Plans to relocate France’s national library of wine grapes—home to 7,000 varieties—have come under fire by protectors worried about the livelihood of the grapes. The Domaine de Vassal collection dates back to 1876, when the University of Agriculture in Montpellier created the research library in response to the Phylloxera crisis sweeping the country. It has been in its current location outside of Montpellier since 1949, with plans to move the vines to the National Institute for Agronomic Research in Gruissan (INRA). Though the current site protects the original rootstocks, it is under threat from rising sea levels, according to the INRA. The new site is 170 hectares compared to the current 27, which will better accommodate the 50 new varieties from more than 40 countries added each year, says the INRA. Regardless, 4,000 people have signed a petition protesting the move of the library, citing the possibility that some of the varieties would not survive the move.
Delaware-based craft brewer Dogfish Head is now offering Namaste Belgian-style witbier year round. Previously only released in 750ml bottles, Namaste will be sold in six packs of 12-ounce bottles starting next year. Beginning in 2014, Dogfish Head will also release its gluten-free Tweason’ale year-round.
UC Davis researchers released a new study which offers evidence that grapes and wine are subject to microbial terroir, itself affected by a region’s climate, geography and vineyard. Published in the Early Edition of the Proceedings of the National Academy of Sciences, the results are from DNA sequencing conducted by the researchers, revealing predictable patterns in the fungal and bacterial communities inhabiting the surfaces of wine grapes. Professor David Mills, a microbiologist in the Department of Viticulture and Enology and Department of Food Science and Technology, note that further studies are needed to determine whether these communities could produce detectable difference in flavor, aroma and other chemically-linked sensory properties of wine.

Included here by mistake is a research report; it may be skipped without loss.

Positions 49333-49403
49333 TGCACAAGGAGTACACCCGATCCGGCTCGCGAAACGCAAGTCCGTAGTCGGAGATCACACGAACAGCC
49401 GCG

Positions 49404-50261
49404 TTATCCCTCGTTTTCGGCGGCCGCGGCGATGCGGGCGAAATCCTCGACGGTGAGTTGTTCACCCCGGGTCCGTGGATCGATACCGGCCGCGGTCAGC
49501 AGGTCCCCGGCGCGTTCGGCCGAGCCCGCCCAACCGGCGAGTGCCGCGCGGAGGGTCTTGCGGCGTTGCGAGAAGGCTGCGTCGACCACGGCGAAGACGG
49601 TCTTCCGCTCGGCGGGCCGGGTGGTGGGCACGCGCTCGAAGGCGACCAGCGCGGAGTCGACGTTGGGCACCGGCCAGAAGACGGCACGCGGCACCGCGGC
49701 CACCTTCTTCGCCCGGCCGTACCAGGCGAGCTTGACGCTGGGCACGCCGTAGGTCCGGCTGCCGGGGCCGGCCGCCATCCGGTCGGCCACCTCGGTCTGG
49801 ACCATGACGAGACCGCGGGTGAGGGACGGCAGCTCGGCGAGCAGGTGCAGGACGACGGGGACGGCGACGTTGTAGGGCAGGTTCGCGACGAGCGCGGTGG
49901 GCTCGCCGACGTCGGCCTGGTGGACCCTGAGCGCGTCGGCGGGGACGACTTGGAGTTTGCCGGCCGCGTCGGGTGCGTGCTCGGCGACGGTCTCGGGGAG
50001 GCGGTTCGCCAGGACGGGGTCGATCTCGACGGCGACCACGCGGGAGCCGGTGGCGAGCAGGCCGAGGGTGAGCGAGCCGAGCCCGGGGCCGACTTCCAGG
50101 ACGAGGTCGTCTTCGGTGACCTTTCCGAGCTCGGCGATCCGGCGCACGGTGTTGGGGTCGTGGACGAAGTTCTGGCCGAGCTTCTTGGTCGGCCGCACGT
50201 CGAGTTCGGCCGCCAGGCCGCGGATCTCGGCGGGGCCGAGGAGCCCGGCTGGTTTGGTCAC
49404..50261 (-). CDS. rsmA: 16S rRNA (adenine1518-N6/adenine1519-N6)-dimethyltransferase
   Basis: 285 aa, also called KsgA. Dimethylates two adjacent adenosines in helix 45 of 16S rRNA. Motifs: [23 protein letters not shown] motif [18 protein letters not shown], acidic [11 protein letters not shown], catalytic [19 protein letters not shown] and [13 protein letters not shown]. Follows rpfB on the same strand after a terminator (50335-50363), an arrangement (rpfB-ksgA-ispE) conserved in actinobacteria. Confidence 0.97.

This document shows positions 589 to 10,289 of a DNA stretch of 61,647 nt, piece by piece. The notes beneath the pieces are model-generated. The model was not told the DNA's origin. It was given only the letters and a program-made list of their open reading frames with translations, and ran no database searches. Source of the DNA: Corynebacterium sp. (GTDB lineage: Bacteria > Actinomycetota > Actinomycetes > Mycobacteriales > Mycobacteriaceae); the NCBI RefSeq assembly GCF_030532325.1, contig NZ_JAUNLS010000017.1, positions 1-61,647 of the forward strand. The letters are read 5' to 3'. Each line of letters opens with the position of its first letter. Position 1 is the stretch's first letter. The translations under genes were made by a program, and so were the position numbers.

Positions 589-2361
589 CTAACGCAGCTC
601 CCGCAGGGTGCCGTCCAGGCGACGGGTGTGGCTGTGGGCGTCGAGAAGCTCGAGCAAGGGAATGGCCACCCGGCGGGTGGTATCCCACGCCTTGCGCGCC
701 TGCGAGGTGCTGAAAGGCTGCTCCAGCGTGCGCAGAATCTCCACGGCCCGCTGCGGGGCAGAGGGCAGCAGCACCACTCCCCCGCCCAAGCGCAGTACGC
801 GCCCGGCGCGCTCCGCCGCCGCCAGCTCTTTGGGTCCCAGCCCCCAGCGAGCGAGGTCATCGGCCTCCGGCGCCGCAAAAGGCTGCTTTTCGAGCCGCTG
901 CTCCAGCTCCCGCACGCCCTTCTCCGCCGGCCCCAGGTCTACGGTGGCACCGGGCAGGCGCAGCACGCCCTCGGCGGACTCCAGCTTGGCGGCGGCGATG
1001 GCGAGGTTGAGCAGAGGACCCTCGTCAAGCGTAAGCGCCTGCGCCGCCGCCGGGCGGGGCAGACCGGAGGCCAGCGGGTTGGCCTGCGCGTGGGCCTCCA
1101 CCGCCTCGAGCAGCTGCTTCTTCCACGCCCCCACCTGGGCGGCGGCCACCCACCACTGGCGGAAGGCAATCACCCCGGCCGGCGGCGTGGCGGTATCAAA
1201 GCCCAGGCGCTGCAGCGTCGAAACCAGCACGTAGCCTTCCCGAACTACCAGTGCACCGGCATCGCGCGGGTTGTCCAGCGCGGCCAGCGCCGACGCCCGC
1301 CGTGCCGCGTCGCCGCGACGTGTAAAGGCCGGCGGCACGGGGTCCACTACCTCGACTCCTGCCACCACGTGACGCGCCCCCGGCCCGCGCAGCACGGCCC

Last week, Luigi Aquilini’s Aquilini Investment Group, which owns the Canadian National Hockey League team the Vancouver Canucks, purchased 670 acres of Washington state land—518 acres within the Red Mountain AVA. The $8.3 million purchase adds to Aquilini’s existing land interests in Washington, including a 1,100 acre Yakima Valley dairy farm and 2,000 acres of blueberry and cranberry orchards. In an interview with the Web site Great Northwest Wine, Aquilini says he’s looking to plant grapes “as soon as possible.”
The Edrington Group, owner of single-malt brand The Macallan, is set to invest more than $164 million in a new Speyside distillery and visitors center. Construction is slated to begin in autumn 2014 and completed by spring 2017.